The final breaking point came at what was to be her was her last trip to the vet. She was suffering from dehydration and our vet prescribed her another round of medication to help her stomach, however, when we would try to administer the doses at home for the recommended upcoming week, Sasha refused. She spent the next day or two refusing her medications, even after my husband did his best by getting down on the floor and trying various methods and trickery to get her to take it, but Sasha was to smart and stubborn to take it. Heartbreaking as it was, we could see in her eyes and in her face…she had, had enough.
Failing after many attempts of trying to get her to take her medications, and now she had also stopped eating and drinking, my husband and I knew the moment and the decision that we never wanted to make was upon us. With many tears and heavy hearts, we chose to put our beloved Sasha down.
We had chosen a vet that performed pet euthanasia at home. While at first, we were not entirely sold on this concept as it was a little out of our comfort zone, we came to realize that not only would this be more comforting to Sasha, as she would not have to have her final impressions of this world, in a cold, sterile vets office but it would also help bring closure for our other 3 dogs. Them being able to see and smell her body, they would not constantly be wondering…”Where did she go?” and “When is she coming home?”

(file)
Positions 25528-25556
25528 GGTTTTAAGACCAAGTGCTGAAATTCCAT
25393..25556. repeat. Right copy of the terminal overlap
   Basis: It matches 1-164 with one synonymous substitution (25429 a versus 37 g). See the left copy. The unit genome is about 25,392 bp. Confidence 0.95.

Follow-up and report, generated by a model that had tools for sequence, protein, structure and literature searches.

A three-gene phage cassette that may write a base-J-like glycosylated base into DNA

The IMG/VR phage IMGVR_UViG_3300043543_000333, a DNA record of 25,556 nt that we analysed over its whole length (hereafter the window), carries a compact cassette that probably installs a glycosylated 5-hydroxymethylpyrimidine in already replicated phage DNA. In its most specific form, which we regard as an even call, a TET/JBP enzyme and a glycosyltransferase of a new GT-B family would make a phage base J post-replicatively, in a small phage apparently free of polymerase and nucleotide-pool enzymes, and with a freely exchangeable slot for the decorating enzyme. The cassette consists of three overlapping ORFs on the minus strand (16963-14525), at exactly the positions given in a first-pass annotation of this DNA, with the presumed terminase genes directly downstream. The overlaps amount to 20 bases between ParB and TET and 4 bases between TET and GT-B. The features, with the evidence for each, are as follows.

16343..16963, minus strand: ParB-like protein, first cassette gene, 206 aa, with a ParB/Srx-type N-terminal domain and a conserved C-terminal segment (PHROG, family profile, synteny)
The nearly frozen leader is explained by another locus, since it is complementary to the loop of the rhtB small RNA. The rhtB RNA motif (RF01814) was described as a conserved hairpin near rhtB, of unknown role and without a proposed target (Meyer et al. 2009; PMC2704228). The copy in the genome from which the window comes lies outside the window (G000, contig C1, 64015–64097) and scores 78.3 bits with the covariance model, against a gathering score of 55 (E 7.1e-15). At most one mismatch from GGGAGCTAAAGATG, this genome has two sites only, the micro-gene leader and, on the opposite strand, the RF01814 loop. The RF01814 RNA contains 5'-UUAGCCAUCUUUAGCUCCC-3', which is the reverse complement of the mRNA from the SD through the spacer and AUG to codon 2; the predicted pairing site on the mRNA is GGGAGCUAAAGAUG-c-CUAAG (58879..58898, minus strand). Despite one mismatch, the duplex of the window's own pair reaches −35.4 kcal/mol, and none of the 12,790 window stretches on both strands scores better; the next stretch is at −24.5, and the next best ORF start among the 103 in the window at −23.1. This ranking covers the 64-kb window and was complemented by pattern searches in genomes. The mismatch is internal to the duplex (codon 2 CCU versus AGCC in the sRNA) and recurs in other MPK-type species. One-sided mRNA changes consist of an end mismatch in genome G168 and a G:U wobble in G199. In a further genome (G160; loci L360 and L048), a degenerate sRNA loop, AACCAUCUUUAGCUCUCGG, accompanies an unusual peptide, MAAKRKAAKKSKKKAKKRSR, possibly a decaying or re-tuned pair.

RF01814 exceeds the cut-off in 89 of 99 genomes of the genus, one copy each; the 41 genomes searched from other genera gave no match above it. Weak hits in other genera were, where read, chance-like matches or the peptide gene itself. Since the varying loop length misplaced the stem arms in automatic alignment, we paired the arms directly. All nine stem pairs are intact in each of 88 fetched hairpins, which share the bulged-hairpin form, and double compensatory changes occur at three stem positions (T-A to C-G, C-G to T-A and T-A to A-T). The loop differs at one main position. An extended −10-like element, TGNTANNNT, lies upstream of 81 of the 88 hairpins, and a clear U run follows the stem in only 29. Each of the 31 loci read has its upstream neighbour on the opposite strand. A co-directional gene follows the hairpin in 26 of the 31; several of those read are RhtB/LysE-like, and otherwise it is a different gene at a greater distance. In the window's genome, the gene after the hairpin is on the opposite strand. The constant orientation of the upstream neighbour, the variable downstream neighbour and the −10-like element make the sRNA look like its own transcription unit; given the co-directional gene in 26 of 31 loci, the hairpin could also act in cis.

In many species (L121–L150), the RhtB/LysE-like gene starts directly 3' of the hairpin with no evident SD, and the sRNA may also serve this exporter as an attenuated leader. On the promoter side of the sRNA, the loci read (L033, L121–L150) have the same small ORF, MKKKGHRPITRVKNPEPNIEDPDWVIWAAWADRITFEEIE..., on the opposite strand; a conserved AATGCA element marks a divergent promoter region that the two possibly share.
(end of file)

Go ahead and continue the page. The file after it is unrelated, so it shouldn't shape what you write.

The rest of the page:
As heartbreaking and gut wrenching as this process was, I would like to think that Sasha would suffer from physical pain no more and that she was assured that we loved her and that we were present in her final moments. As both my husband and I, feverously tried to hold back tears of grief, we hugged her and told her we loved her and that we would see her again one day and expected to see her running and playing in all her youthful doggy glory as she once was. My husband sat on the floor at her bedside, kissing and stroking her head as she peacefully transitioned to The Rainbow Bridge.
When it was over and the vet took her away to be cremated, both my husband and I were consumed with regret and wanted nothing more than to have our Sasha back. This feeling of grief and pain went on for days and had me questioning what kind of a Catholic am I? A bad one if you would have asked me, because this act of “playing God” went against everything that I had known and believed in, but on the other hand, I would remember witnessing the pain Sasha would endure, getting up from her bed to be let outside, the constant crying; and what I can only describe as “diesel truck engine” like panting due to her pain. What kind of Catholic would I have been to let her suffer? The answer to these questions, I will never know, until God himself tells me on my judgment day. Until then, I will live with the both the guilt of taking another life and the acceptance that I have relieved another soul from physical suffering.